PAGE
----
Beyond the Walls: Walled Cities of Medieval France: The Preservation of Heritage and Cultural Memory at Carcassonne, Aigues-Mortes, and La Rochelle
By Emily Huber
Honor’s Thesis, College of Saint Benedict/Saint John’s University, 2014
Abstract: This project began with the intention of understanding the modern significance of medieval walled cities in France; some were torn down, some remain in pieces, and some were perfectly restored. By researching the histories of three cases studies, Carcassonne, Aigues-Mortes, and La Rochelle, as well as their current architectural states and tourist statistics, I have come to the conclusion that walled cities are preserved by the French as heritage sites in order to promote their cultural memory. Walled cities were once economic centers of trade as well as hot spots for conflict. The histories of Carcassonne, Aigues-Mortes, and La Rochelle present themes of religious persecution, inequality and assimilation, and recognition of authority, which contribute to an understanding of modern France. Additionally, communities of walled cities market their history through tourism in order to generate funds that continue preservation efforts and allow communities to maintain the walls. Tourism also allows the community to continue education about its heritage, thus preserving the cultural memory of the nation. For the French, the past does not pass and this phenomenon is evident at Carcassonne, Aigues-Mortes, and La Rochelle.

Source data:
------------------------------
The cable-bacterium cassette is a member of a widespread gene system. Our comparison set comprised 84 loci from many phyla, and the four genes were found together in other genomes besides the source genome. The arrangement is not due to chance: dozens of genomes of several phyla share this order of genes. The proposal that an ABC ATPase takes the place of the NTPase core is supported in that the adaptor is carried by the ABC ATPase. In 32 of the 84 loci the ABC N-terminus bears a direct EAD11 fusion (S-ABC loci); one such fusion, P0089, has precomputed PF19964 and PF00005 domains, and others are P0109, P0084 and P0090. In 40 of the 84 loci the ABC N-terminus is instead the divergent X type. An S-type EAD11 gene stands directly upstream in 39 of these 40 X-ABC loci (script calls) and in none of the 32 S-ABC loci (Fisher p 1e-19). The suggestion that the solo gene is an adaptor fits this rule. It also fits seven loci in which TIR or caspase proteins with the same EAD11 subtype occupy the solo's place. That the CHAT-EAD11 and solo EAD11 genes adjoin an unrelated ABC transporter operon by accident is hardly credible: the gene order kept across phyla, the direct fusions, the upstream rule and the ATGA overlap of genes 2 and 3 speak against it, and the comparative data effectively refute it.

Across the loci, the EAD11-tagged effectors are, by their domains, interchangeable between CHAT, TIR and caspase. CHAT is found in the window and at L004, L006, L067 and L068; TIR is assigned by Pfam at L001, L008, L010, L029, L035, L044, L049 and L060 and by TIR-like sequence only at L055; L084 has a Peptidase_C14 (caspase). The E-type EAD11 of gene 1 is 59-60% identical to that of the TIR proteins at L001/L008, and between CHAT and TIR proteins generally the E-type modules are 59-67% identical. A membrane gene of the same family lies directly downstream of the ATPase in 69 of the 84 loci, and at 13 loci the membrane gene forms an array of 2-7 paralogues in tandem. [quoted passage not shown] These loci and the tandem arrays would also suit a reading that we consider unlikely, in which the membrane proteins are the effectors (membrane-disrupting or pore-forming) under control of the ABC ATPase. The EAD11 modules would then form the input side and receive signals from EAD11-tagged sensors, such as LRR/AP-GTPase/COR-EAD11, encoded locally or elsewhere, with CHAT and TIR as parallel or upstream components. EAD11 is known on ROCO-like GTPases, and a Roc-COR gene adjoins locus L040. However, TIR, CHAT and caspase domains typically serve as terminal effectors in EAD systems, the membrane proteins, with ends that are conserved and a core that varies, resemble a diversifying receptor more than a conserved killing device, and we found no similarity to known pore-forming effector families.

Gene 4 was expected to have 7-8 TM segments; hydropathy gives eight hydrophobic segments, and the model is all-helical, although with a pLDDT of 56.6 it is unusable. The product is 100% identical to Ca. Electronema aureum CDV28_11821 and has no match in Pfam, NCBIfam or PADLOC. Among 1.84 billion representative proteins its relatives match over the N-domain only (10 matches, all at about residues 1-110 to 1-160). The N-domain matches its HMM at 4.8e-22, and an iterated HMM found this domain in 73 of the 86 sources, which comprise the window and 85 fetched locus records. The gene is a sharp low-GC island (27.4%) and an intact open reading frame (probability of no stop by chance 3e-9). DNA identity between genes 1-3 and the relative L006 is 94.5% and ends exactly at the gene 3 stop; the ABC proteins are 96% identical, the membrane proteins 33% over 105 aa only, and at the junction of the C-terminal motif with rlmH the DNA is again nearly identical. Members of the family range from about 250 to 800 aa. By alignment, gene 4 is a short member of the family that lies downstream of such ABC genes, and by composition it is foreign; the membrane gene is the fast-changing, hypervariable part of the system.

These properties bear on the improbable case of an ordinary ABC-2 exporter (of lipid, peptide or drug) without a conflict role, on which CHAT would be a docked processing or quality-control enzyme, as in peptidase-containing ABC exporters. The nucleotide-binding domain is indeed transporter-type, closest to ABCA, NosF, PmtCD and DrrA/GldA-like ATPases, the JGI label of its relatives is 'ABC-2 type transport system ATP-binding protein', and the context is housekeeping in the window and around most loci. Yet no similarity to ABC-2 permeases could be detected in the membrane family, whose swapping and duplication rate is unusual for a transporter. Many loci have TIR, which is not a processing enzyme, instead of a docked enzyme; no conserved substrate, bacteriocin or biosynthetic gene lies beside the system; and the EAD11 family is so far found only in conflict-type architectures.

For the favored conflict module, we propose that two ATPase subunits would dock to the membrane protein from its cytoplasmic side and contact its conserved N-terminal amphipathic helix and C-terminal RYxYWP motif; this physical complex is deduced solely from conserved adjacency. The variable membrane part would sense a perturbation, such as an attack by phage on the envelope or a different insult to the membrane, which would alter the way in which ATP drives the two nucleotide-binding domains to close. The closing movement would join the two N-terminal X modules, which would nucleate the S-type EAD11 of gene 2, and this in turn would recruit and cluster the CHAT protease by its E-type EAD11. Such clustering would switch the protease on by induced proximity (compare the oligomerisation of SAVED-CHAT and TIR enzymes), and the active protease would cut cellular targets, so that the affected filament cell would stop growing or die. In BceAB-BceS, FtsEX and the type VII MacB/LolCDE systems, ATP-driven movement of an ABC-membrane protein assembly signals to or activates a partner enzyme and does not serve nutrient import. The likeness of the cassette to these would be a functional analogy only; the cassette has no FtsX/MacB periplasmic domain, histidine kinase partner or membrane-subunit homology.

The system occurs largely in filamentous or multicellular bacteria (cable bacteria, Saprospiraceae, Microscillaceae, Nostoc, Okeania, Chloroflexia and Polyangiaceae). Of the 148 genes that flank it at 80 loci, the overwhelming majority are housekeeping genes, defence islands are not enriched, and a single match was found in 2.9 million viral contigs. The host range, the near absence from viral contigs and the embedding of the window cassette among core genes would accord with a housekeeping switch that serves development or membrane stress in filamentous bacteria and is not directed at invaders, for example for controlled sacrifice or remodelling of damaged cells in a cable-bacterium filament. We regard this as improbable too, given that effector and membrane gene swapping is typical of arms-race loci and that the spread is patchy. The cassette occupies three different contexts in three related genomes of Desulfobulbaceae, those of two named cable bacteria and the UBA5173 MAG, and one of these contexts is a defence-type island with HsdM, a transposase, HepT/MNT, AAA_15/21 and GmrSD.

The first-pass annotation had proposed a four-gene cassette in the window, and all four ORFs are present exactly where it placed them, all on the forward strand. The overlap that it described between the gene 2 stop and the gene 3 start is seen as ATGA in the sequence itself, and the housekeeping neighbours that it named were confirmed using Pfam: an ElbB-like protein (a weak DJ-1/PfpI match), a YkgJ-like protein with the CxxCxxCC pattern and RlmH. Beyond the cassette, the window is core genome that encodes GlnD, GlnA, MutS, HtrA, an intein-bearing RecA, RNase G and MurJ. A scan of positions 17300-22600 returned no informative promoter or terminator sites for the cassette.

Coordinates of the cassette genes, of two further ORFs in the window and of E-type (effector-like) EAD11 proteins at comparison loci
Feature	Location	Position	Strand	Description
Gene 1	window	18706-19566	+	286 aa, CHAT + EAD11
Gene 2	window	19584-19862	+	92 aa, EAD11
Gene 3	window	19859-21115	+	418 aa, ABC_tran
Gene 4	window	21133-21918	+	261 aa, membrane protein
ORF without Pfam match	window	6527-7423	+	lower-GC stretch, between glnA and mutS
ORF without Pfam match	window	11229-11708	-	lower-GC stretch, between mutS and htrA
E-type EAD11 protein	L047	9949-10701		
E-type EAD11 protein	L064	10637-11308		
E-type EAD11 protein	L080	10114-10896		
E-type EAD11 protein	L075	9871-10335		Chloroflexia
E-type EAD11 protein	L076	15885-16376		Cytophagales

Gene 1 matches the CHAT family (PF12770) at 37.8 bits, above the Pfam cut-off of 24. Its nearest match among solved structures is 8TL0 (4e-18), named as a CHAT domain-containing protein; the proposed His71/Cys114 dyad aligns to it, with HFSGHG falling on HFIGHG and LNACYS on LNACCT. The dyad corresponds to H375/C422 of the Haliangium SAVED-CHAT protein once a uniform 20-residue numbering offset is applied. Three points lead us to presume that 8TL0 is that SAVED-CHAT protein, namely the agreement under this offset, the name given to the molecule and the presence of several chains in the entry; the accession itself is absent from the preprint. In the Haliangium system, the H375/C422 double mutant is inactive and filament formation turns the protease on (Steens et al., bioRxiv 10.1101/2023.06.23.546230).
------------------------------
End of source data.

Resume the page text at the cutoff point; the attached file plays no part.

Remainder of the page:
Introduction: The term “walled city” describes any city with a surrounding wall that serves as defense. All over the world, walls have been built around territories as a form of defense. The walls and the styles vary in architecture from culture to culture. Within the modern country of France, many different architectural styles exist which represent different moments of French history. The Roman Empire, for example, used a distinct form of town planning of “rectangular proportions, with their straight, narrow streets.” The Empire existed around the perimeter of the Mediterranean, and so modern archaeological research demonstrates that Roman town planning influenced construction in southern, modern-day France. The bastide is a northern style of architecture that was used at cities like Aigues-Mortes. The bastide, meaning fortress, provided a military defense to new territories. Typically, cities were built inside of bastides as the fortifications provided defense and a new economic power. Because bastides were common to the north of modern France and Belgium, they did not make an appearance in the southern France until the monarchy expanded its influence southward. For the purpose of my research and writing, I am defining the walled city in a general sense; a settlement surrounded by fortifications, which are used to defend and to promote a centralized economy.